World Water Day: A Story of Renewed Life in Mozambique
How much does access to clean, safe water matter to a rural family in Africa? World Vision shares this story of success from Mozambique, written by World Vision's Belis Matabire, who has worked with our water, sanitation, and hygiene programs in Southern Africa for the past 12 years.
Lito’s mother, Olinda Cochieque, knocks on his door. Stirring from sleep, Lito Eduardo, 12, abandons the warmth of his blankets and walks 2.5 miles to fetch water from the river.
He has no choice.
If Lito does not help the family, his mother would only have time to collect enough water for cooking -- not enough for bathing, too. Lito could have slept longer and gone to the well a little later, but he would have risked returning without water.
“We have to leave very early in the morning, because there is only one well for all of the families,” says Lito. “The first to reach the well is the first to collect water; there are so many who depend on it.”
In fact, in Nihessiue, Mozambique, where Lito lives, the single traditional well, dug into the riverbed, served 500 families in the village.
"Every morning when I returned home, I had to sweep the yard and wash the dishes before going to school,” Lito says. “Many days, I arrived to school after classes had started.”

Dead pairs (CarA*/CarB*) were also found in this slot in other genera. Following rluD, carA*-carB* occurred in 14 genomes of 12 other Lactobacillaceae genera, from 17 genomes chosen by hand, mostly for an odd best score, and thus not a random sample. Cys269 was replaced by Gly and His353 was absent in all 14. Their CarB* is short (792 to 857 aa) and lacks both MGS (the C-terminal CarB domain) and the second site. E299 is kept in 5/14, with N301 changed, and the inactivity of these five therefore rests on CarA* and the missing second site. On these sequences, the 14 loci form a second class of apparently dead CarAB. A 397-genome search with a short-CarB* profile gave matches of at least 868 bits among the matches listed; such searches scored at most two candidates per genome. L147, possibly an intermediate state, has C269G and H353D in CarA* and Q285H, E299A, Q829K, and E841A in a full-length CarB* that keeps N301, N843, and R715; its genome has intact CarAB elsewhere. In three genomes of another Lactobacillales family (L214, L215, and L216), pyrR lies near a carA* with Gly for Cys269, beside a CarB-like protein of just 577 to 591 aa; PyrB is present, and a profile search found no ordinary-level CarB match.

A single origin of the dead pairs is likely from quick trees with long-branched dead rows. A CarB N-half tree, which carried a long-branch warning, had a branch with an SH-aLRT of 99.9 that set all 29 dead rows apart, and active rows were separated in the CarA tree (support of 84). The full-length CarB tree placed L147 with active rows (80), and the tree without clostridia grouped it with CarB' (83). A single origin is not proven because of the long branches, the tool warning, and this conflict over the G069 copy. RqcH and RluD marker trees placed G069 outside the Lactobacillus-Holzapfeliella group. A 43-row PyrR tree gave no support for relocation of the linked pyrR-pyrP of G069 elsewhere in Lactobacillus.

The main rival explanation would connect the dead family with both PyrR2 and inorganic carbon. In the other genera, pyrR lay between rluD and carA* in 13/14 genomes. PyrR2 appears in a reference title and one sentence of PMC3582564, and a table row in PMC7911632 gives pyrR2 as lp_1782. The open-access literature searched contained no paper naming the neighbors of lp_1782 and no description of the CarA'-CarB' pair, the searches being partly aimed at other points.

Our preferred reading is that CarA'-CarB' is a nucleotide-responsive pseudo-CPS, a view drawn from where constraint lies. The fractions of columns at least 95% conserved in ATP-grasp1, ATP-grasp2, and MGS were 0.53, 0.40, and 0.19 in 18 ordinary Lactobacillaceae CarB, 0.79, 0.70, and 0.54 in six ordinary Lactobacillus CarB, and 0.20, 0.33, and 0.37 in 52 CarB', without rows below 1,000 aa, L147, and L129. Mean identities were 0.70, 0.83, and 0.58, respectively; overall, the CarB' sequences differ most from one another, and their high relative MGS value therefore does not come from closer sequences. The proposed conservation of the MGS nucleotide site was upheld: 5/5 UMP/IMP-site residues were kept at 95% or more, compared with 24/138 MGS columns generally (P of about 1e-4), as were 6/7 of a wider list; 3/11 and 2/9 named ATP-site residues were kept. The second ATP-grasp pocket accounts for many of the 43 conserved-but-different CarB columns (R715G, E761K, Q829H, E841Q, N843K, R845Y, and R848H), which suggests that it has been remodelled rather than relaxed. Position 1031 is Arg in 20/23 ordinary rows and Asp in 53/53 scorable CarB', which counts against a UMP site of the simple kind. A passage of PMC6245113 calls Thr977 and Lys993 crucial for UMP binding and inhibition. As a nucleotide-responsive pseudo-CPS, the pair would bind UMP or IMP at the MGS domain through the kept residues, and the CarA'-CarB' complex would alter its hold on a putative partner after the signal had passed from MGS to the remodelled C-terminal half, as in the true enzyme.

Lito made the trip once a day to the well, in addition to the two times his mother usually went just in order to have the minimum amount of water for the family’s daily needs.
Olinda, who has six other children besides Lito, recalls the routine. "I used to finish fetching water around noon, when I had to start preparing meals for my children. I did not have time to help my husband in the field,” she says.
Lito’s tardiness and absence from school is just one example of what happens to the thousands of children who live in rural areas in Mozambique. About 40 percent of the population does not have access to clean, safe water.
Lito’s life changed last fall. A borehole was drilled less than 1,000 feet from his home, so he no longer wakes up early to fetch water before school.
“For me and my family, this borehole means more food on the table, as now I can help my husband with farming," said Olinda. “I want to say thank you to the sponsors who provided us clean and safe water. May the God of Heaven provide them health and a long life, so that they can keep doing such wonderful work."
Access to clean water is foundational to life in all its fullness. Without it, entire communities can be trapped in a vicious cycle of poverty. Children like Lito often miss school because they spend so much time gathering dirty water, and when it makes them sick, they can't attend class anyway. Economic development is stifled when waterborne illness afflicts otherwise productive adults.
Written by Belis Matabire